KABUL -- A prominent Afghan civil society activist who led an independent election monitoring organisation died Wednesday (December 23) after being ambushed by gunmen in Kabul, an aide and police said.
Mohammad Yousuf Rasheed was attacked as he headed to work in his car, the latest targeted killing in the capital.
"He was wounded and later died in the hospital," colleague Abdul Wahab Qarizada told AFP, adding that Rasheed's driver was wounded in the ambush.
Rasheed was head of the Free and Fair Election Forum of Afghanistan (FEFA) which, according to its website, has worked since 2004 to promote democracy, good governance and human resource management.
He was on his way to participate in the inauguration of a peace advocacy group in Kabul when he was ambushed, Radio Free Afghanistan reported.
Kabul police spokesman Ferdows Faramarz confirmed the attack.
The top US diplomat in Afghanistan, Ross Wilson, condemned Rasheed's "murder", calling it "another in a cacophony of senseless and endless violence".
"Yousuf Rasheed was a dedicated and steadfast advocate for representative democracy in Afghanistan," he said in a social media post. "He worked tirelessly for years to ensure free and transparent elections that engaged all Afghans."
In a separate attack Wednesday, a police vehicle was targeted by a sticky bomb in eastern Kabul, the Associated Press reported. The blast killed one police officer and wounded two others, according to Faramarz.
No group immediately claimed responsibility for the attacks.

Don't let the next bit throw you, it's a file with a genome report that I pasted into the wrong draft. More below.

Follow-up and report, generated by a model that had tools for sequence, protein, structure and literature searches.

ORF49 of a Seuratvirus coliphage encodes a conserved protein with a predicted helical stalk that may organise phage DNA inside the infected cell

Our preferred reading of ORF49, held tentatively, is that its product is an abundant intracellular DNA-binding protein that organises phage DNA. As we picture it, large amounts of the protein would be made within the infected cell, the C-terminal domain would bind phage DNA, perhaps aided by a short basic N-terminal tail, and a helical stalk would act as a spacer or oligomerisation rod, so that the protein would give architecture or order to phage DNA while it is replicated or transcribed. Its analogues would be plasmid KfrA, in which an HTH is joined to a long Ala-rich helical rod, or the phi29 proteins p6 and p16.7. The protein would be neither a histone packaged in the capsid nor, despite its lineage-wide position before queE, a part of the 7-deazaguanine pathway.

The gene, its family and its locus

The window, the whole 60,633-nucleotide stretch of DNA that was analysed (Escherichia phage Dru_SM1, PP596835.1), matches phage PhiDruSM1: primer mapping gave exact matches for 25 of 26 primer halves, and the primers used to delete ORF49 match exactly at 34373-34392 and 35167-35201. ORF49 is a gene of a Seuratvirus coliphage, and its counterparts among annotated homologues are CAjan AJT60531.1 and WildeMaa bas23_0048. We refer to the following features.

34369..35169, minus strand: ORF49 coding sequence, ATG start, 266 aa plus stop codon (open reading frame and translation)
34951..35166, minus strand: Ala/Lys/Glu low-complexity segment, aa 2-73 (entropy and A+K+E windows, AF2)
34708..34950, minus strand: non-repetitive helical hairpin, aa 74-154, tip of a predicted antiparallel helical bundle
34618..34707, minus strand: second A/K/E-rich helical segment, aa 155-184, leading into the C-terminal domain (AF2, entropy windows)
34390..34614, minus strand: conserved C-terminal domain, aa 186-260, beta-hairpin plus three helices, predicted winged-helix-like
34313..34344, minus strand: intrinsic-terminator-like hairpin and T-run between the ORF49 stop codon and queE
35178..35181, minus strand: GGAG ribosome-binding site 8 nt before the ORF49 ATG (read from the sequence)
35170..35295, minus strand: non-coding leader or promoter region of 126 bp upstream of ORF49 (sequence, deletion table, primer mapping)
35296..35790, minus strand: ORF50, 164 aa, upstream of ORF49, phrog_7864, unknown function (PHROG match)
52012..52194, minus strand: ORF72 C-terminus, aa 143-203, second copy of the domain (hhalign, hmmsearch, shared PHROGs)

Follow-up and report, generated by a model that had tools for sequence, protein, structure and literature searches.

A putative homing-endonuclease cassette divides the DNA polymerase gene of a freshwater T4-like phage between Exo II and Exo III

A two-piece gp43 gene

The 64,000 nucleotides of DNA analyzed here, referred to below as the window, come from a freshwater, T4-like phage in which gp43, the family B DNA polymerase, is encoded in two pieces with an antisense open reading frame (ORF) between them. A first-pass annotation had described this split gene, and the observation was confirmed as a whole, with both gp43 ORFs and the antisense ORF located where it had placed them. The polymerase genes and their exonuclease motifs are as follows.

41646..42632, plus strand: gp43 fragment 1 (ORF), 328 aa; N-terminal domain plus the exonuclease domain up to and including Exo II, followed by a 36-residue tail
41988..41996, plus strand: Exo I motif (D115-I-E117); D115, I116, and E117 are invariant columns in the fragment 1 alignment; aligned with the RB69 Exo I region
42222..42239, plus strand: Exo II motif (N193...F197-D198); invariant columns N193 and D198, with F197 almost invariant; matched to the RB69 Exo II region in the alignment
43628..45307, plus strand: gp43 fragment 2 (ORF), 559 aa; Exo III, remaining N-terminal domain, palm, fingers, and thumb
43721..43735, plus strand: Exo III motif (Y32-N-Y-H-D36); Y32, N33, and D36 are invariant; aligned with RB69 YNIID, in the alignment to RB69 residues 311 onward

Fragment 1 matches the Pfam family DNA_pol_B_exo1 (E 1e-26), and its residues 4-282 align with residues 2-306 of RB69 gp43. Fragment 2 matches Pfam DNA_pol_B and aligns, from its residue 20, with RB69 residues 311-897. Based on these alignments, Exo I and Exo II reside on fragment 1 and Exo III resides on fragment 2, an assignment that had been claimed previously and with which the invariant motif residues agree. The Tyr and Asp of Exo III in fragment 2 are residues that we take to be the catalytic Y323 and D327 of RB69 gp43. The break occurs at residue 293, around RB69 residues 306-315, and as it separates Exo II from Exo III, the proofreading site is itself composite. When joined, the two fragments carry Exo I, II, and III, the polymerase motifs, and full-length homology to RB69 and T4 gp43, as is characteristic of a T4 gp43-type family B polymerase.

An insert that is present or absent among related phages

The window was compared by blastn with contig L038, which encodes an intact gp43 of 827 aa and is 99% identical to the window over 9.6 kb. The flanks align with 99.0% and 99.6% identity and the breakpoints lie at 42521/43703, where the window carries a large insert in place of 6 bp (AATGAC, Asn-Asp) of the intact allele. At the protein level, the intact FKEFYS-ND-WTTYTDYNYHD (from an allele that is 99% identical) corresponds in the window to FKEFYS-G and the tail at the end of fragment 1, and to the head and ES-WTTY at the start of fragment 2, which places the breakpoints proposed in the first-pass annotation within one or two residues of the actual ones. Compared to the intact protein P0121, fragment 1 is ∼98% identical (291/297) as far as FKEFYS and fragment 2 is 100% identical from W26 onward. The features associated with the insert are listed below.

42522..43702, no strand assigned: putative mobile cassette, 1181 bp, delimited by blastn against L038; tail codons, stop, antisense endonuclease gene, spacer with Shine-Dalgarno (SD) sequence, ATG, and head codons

Rasheed's murder follows a similar pattern in recent weeks, where prominent Afghans have been ambushed during the often-chaotic morning traffic.
High-profile figures including journalists, politicians and rights activists have been targeted as violence surges in Afghanistan despite peace talks between the government and Taliban.
Five people, including two women doctors who worked at Pul-e-Charkhi prison, were killed Tuesday by a bomb affixed to their vehicle.
Among those killed was Nazefa Ibrahimi, the acting health director of the prison, while another woman doctor remains in serious condition, AP reported.
Two other prison employees in the car and a pedestrian were killed in the blast, Afghanistan's prison authority said.
The "Islamic State of Iraq and Syria" Khorasan branch (ISIS-K) claimed responsibility for the attack.
A car bomb targeting lawmaker Khan Mohammad Wardak on Sunday killed 10 people in Kabul and wounded more than 50, including Wardak.
Days earlier, Kabul Province Deputy Governor Mahbobullah Mohebi was killed in a similar attack, along with his secretary, who was travelling with him. Two bodyguards were wounded.
7 journalists killed this year
Afghan journalist Rahmatullah Nekzad was shot dead Monday in Ghazni in what appeared to be yet another targeted killing.
Nekzad was the head of the journalists' union in Ghazni Province. He had contributed to AP since 2007 and had previously worked with Al-Jazeera broadcast network.
No group has claimed Nekzad's murder so far, and the Taliban have denied responsibility.
Nekzad was the seventh media worker to be killed so far this year in Afghanistan, said the Afghan Journalists Safety Committee.
Yama Siawash, a former television presenter in Kabul, was killed in a similar car bombing near his home earlier in November.
No group so far has claimed those murders.